Navy Yard alleged gunman purchased shotgun legally in Virginia

Kevin G. Hall

A day after a shooting rampage that left 13 dead in the nation’s capital, the FBI said Tuesday afternoon that alleged gunman Aaron Alexis was armed only with a shotgun purchased legally two days before in Virginia when he entered the Navy Yard’s Building 197 and began firing.

Addressing reporters, FBI Assistant Director-in-Charge Valerie Parlave said law enforcement is now sure that Alexis acted alone and thinks he wasn’t as heavily armed as first thought.

“At this time, we believe that Aaron Alexis entered with a shotgun. We do not have any information at this time that he had an AR-15 in his possession,” said Parlave, also confirming that Alexis did get a handgun from a guard he had shot.

The FBI also offered new details of the movements of Alexis in his final days. He is believed to have arrived in the Washington area around Aug. 25, and stayed in area hotels. On Sept. 7, he began to stay at a Residence Inn not far from the site of the shooting in the southwestern portion of the District of Columbia.

In a statement from J. Michael Slocum, legal counsel for Sharpshooters in Lorton, Va., he reveals that Alexis purchased the gun on Sunday, along with two boxes of ammunition, which means he bought the gun two days before the shooting. Slocum's statement says:

Sharpshooters Small Arms Range was visited by Aaron Alexis on September 14, 2013. Mr. Alexis rented a rifle and purchased ammunition which he used at the practice range. He then purchased a Remington 870 shotgun and a small amount of ammunition (approximately 2 boxes -- 24 shells). In accordance with Federal law, Mr. Alexis' name and other applicable information, including his state of residency, was provided to the Federal NICS system and he was approved by that system. After the terrible and tragic events at the Navy Yard, the Sharpshooters was visited by federal law enforcement authorities, who reviewed the Range's records, including video and other materials. So far as is known Mr. Alexis visited the Range only once, and he has had no other contact with the Range, so far as is known.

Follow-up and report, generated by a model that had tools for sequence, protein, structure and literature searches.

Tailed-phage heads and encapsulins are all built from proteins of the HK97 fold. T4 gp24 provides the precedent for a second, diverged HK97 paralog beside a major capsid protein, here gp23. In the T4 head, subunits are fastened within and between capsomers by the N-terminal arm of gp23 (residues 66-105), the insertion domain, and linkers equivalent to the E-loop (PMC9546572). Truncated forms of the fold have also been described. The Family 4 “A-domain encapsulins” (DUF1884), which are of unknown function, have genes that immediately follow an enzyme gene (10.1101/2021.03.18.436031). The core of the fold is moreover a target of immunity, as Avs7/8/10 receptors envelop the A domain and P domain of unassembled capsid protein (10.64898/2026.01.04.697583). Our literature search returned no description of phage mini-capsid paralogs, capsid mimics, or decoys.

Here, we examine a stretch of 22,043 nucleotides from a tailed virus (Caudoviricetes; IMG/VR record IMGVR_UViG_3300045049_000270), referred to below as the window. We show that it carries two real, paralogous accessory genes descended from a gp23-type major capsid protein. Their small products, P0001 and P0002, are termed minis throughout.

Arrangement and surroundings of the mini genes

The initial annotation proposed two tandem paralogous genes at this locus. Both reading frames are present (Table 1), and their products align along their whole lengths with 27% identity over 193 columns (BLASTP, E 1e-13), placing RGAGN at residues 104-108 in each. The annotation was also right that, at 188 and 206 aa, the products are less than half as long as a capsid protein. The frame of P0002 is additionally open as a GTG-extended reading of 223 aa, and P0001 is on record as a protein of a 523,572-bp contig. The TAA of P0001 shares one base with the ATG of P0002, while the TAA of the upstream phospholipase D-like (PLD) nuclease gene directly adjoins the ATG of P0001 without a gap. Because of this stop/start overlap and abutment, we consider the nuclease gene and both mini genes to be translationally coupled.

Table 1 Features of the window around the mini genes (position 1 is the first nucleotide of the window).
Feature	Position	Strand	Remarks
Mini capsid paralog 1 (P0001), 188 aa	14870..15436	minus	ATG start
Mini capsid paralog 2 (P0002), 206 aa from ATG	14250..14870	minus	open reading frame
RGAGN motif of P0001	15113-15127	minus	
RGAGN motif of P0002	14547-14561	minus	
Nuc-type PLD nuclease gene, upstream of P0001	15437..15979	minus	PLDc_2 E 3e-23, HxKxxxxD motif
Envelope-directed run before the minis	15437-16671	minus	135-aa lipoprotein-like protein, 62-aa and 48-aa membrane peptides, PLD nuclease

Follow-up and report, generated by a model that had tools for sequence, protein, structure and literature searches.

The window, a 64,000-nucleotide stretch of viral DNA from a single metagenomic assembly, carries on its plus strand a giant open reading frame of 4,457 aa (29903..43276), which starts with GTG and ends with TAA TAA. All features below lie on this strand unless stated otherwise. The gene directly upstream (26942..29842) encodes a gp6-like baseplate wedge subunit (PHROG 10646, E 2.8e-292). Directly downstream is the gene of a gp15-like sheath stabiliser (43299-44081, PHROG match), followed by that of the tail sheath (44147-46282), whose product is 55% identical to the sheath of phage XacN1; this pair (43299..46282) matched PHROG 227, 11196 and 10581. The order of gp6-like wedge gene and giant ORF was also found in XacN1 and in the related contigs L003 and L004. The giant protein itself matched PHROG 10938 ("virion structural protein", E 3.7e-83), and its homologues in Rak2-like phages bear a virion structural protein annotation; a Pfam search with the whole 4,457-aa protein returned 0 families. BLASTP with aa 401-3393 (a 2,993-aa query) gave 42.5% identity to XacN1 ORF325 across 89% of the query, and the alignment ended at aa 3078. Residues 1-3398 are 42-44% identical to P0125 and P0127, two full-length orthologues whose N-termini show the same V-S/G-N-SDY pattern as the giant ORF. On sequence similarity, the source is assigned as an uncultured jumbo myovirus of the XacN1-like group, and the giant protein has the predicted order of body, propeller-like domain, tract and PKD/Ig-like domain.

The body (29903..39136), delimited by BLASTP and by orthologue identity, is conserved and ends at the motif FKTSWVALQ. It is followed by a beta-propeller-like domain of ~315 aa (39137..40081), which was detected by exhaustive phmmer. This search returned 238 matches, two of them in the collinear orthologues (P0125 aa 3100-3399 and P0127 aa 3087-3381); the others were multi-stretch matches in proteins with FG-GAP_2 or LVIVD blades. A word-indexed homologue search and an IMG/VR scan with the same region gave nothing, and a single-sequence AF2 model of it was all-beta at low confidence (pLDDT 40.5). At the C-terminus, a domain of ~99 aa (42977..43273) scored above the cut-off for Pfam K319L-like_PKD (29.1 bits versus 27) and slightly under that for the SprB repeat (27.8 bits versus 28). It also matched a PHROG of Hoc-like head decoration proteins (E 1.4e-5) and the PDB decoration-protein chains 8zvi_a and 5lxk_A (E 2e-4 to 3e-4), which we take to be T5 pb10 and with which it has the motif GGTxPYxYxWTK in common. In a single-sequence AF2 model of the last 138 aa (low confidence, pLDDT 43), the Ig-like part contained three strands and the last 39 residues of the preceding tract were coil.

“We continue to conduct interviews, exploit digital media … to piece together his recent movements and determine the motive behind his attack,” said Parlave, asking the public to share any and all information that’s known about Alexis. “No piece of information is too small.”

Hundreds of tips have already come in, and the investigation is spanning both coasts, with a look at the gunman’s checkered past in Seattle and in the New York area. Alexis is believed to have family in both areas. He also lived in Fort Worth.

The FBI refused comment on multiple media reports that Alexis, a naval reservist who left service in January 2011, had been on a path for a dishonorable discharge but left before that process played out. The agency also declined to comment on reports that Alexis had been receiving psychiatric help from VA hospitals.

“We continue to look into Mr. Alexis’s past, including his medical and criminal histories,” Parlave said, declining further comment.

Late Monday, law enforcement confirmed that Alexis entered the Navy Yard with a legitimate badge as a defense contractor and drove onto the base. That prompted the Navy to announce Tuesday that it was reviewing its programs granting security clearance.

A "senior Pentagon official" confirmed that Defense Secretary Chuck Hagel will order a review of physical security and access at all Department of Defense installations worldwide.

"The secretary is collecting input from senior leaders today to define the parameters of this review, which could be formally announced as soon as tomorrow."

District of Columbia Police Chief Cathy Lanier provided reporters a more detailed timeline of Monday’s fast-moving events. The first calls came into police about a gunman around 8:15 a.m., and officers were on the scene in two minutes. The first shoot team arrived in seven minutes and officers were immediately in the building scoping out the gunman’s location for incoming personnel.

The entire gun battle lasted more than half an hour, but less than an hour, Lanier said.

“I can tell you there was multiple engagements with the suspect from multiple agencies … before the final shots were fired,” Lanier said.

Correction: Aaron Alexis purchased the shotgun used in the shooting on Saturday, Sept. 14, not on Sunday, Sept. 15, as Sharpshooters lawyer's statement originally said. This story also originally described the Remington 870 as a rifle; it is a shotgun.

By Kevin G. Hall
McClatchy Washington Bureau